Journal Article

Degraded collagen induces calpain-mediated apoptosis and destruction of the X-chromosome-linked inhibitor of apoptosis (xIAP) in human vascular smooth muscle cells

Karin von Wnuck Lipinski, Petra Keul, Susann Lucke, Gerd Heusch, Jeremias Wohlschlaeger, Hideo A. Baba and Bodo Levkau

in Cardiovascular Research

Published on behalf of European Society of Cardiology

Volume 69, issue 3, pages 697-705
Published in print February 2006 | ISSN: 0008-6363
Published online February 2006 | e-ISSN: 1755-3245 | DOI: http://dx.doi.org/10.1016/j.cardiores.2005.08.005
Degraded collagen induces calpain-mediated apoptosis and destruction of the X-chromosome-linked inhibitor of apoptosis (xIAP) in human vascular smooth muscle cells

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Abstract

Objective: The extracellular matrix (ECM) of the atherosclerotic lesion is a crucial determinant of its stability, while its degradation by matrix metalloproteinases (MMPs) has been implied in plaque rupture. As accumulation of both MMP-derived collagen fragments and apoptotic smooth muscle cells (SMC) is observed at sites of plaque rupture, we tested the effect of polymerized and degraded type I collagen on the susceptibility of SMC to apoptosis.

Methods: Human SMC were cultured on monomeric or polymerized collagen, and collagen gels were degraded by collagenase. Apoptosis was evaluated using antibodies to active caspases and their substrates. Calpain and caspase activity were measured using fluorogenic substrates.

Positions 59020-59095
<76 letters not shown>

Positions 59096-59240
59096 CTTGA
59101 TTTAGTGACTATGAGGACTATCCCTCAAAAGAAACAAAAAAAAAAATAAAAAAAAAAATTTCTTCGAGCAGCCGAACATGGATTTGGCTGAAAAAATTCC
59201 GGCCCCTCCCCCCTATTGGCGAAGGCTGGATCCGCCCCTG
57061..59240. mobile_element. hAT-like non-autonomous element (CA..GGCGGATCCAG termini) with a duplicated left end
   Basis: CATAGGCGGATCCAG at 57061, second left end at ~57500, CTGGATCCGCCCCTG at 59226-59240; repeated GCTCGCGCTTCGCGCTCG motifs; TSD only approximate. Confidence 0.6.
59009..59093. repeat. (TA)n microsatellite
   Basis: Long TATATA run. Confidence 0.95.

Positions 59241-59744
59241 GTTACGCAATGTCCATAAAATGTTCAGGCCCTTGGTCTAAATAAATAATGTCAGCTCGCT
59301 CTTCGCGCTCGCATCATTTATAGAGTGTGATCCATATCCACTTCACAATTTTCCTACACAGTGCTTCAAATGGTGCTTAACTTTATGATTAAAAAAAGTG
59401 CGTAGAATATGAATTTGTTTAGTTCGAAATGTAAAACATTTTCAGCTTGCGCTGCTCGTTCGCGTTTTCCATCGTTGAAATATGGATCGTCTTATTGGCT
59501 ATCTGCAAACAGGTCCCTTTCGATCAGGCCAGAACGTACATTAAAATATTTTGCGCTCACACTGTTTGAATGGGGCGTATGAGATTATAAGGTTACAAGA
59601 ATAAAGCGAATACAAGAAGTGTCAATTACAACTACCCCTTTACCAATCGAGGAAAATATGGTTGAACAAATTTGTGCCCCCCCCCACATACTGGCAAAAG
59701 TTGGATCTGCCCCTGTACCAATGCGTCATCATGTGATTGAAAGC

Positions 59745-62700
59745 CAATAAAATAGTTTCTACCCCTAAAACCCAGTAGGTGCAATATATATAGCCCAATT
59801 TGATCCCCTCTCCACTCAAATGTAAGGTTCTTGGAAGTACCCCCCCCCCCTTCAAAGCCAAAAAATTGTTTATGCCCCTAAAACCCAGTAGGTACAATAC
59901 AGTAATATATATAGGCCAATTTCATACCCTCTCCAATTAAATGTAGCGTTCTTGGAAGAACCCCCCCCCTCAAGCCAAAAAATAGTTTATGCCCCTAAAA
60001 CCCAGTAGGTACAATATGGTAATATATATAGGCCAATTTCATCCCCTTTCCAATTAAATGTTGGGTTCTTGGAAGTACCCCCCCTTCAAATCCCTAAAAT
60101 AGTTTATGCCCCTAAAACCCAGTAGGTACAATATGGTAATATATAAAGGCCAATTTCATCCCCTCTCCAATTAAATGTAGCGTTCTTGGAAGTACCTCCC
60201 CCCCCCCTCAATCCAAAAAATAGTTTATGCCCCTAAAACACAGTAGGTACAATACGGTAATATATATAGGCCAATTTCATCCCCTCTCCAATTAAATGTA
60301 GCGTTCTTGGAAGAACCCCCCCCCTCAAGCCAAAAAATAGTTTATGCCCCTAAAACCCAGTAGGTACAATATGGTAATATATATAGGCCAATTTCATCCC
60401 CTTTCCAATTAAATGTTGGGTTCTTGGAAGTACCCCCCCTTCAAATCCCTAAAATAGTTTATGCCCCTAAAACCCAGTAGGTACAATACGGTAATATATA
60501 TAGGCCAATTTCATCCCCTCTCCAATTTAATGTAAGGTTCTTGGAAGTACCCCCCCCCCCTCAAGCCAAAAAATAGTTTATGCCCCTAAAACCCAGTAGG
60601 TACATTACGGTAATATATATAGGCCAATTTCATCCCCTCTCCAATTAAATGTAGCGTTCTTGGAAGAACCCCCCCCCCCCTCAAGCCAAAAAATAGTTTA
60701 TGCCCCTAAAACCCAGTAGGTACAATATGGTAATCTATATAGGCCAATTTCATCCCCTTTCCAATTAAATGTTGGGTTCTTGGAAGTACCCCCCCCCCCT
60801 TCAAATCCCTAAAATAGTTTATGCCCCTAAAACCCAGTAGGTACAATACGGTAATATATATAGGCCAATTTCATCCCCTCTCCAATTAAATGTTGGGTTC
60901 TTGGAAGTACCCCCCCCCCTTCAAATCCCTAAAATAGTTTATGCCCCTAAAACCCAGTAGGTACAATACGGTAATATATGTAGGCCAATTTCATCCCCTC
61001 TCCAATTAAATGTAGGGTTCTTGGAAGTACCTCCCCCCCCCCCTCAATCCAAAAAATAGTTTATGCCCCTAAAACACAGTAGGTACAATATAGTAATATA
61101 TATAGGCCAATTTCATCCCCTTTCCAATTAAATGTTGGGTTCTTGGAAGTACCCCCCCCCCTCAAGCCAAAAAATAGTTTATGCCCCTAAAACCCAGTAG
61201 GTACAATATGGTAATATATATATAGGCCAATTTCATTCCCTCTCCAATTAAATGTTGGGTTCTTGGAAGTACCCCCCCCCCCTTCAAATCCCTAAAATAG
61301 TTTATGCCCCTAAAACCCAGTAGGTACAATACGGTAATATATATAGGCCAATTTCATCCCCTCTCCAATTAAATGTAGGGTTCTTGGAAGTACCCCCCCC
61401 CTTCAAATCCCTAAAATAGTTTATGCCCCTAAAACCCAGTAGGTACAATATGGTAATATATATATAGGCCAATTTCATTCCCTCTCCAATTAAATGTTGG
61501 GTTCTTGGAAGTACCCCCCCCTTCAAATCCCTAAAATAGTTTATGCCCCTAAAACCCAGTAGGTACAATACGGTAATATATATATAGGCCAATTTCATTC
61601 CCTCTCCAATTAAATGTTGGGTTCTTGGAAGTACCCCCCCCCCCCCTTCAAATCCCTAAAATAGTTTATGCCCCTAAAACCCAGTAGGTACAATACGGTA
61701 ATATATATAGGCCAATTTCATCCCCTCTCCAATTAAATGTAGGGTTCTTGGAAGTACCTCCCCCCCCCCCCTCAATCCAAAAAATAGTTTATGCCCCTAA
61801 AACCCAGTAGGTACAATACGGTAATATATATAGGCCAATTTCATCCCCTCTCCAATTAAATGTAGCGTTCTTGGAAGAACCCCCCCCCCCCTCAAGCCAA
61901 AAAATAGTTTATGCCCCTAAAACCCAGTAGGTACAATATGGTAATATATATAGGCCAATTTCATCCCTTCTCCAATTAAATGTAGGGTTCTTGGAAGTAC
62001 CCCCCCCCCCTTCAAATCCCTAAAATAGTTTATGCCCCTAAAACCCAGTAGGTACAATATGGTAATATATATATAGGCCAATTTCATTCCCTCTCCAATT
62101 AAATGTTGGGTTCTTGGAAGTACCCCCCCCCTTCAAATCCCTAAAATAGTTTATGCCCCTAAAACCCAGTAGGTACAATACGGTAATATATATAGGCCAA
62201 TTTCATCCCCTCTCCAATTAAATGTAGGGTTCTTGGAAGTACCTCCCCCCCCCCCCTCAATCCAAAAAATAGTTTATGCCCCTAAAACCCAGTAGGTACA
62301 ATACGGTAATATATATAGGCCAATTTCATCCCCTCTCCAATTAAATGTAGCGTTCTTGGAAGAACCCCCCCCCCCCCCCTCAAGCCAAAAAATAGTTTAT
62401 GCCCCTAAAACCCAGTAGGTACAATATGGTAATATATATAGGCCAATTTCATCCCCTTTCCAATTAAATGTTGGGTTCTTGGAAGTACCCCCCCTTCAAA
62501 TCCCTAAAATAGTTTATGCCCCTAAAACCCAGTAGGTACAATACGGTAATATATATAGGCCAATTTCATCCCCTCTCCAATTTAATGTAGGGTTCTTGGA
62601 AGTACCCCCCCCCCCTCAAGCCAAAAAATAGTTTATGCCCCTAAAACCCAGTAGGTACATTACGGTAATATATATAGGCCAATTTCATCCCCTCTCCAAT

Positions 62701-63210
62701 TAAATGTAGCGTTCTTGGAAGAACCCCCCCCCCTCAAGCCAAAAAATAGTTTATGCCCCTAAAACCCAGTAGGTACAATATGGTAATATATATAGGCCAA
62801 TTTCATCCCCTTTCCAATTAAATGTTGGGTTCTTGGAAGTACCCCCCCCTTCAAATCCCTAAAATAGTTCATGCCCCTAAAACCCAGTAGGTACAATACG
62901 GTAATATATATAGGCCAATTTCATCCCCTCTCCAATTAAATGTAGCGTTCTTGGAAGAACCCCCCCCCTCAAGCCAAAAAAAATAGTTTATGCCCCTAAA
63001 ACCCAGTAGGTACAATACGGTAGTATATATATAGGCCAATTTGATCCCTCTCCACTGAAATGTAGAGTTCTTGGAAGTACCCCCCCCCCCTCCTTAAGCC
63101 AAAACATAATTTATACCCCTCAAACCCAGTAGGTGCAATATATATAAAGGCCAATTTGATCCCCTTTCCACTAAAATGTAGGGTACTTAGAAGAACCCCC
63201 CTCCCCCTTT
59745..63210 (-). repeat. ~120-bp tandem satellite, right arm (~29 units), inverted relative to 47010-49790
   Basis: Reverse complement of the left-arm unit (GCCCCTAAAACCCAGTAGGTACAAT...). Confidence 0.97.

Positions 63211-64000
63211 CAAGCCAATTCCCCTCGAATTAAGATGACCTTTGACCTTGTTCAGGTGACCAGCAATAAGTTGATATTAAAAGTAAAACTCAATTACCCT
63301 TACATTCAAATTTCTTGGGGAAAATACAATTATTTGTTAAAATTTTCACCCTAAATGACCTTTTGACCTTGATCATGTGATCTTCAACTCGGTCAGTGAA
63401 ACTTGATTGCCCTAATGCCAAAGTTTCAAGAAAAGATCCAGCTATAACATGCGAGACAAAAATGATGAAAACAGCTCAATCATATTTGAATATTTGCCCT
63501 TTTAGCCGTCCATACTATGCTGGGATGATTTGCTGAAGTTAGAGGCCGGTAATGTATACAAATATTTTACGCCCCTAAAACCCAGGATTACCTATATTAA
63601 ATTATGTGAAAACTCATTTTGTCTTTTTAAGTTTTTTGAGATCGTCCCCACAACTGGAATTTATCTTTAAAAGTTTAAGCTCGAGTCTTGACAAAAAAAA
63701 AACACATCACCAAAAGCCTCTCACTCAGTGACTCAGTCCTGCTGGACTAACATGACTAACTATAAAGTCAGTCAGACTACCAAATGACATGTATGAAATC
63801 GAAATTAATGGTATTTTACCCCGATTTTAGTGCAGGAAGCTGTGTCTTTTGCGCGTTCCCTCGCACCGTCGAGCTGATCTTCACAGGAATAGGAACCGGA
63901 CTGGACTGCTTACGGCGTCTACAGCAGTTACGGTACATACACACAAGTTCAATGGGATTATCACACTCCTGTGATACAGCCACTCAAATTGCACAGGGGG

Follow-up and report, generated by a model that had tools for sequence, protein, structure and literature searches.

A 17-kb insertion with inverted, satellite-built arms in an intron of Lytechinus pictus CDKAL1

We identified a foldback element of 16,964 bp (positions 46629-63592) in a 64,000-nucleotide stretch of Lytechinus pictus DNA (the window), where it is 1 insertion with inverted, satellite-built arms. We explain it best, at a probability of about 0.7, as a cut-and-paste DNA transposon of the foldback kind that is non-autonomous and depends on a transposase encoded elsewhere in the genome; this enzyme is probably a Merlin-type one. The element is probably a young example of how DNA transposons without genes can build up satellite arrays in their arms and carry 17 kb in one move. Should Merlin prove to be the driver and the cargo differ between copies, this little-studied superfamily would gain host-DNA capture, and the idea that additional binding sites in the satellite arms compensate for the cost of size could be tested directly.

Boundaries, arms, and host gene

Results: Culture of SMC on polymerized collagen led to increased apoptosis compared to culture on monomeric collagen. In addition, we observed a distinct proteolytic degradation of the endogenous caspase inhibitor X-chromosome-linked inhibitor of apoptosis (xIAP). As MMP-1 was strongly activated in SMC on polymerized collagen, we examined the effect of degraded collagen fragments on xIAP cleavage and apoptosis. Degraded collagen induced rapid proteolytic processing of xIAP identical to that on polymerized collagen. We identified calpains as the proteolytic enzymes responsible for xIAP processing as: i) they were rapidly activated by degraded collagen; ii) recombinant calpain II processed xIAP in an identical manner, and iii) inhibition of calpains by BAPTA or calpeptin abrogated xIAP degradation in intact cells. The functional consequence of xIAP processing by calpains was a loss of its caspase-inhibitory potential. Calpain activation distinctly preceded caspase activation, and inhibition of calpains suppressed apoptosis.

Conclusions: Collagen fragments proteolytically released from the ECM by MMPs may propagate apoptosis of SMC by calpain-mediated inactivation of anti-apoptotic proteins such as xIAP. This may be a novel mechanism of SMC apoptosis in biological settings of enhanced collagen degradation such as vascular remodeling, neointima formation, and atherosclerotic plaque rupture.

Keywords: Apoptosis; Smooth muscle; Calpain; Extracellular matrix; Matrix metalloproteinases

Journal Article.  5677 words.  Illustrated.

Subjects: Cardiovascular Medicine

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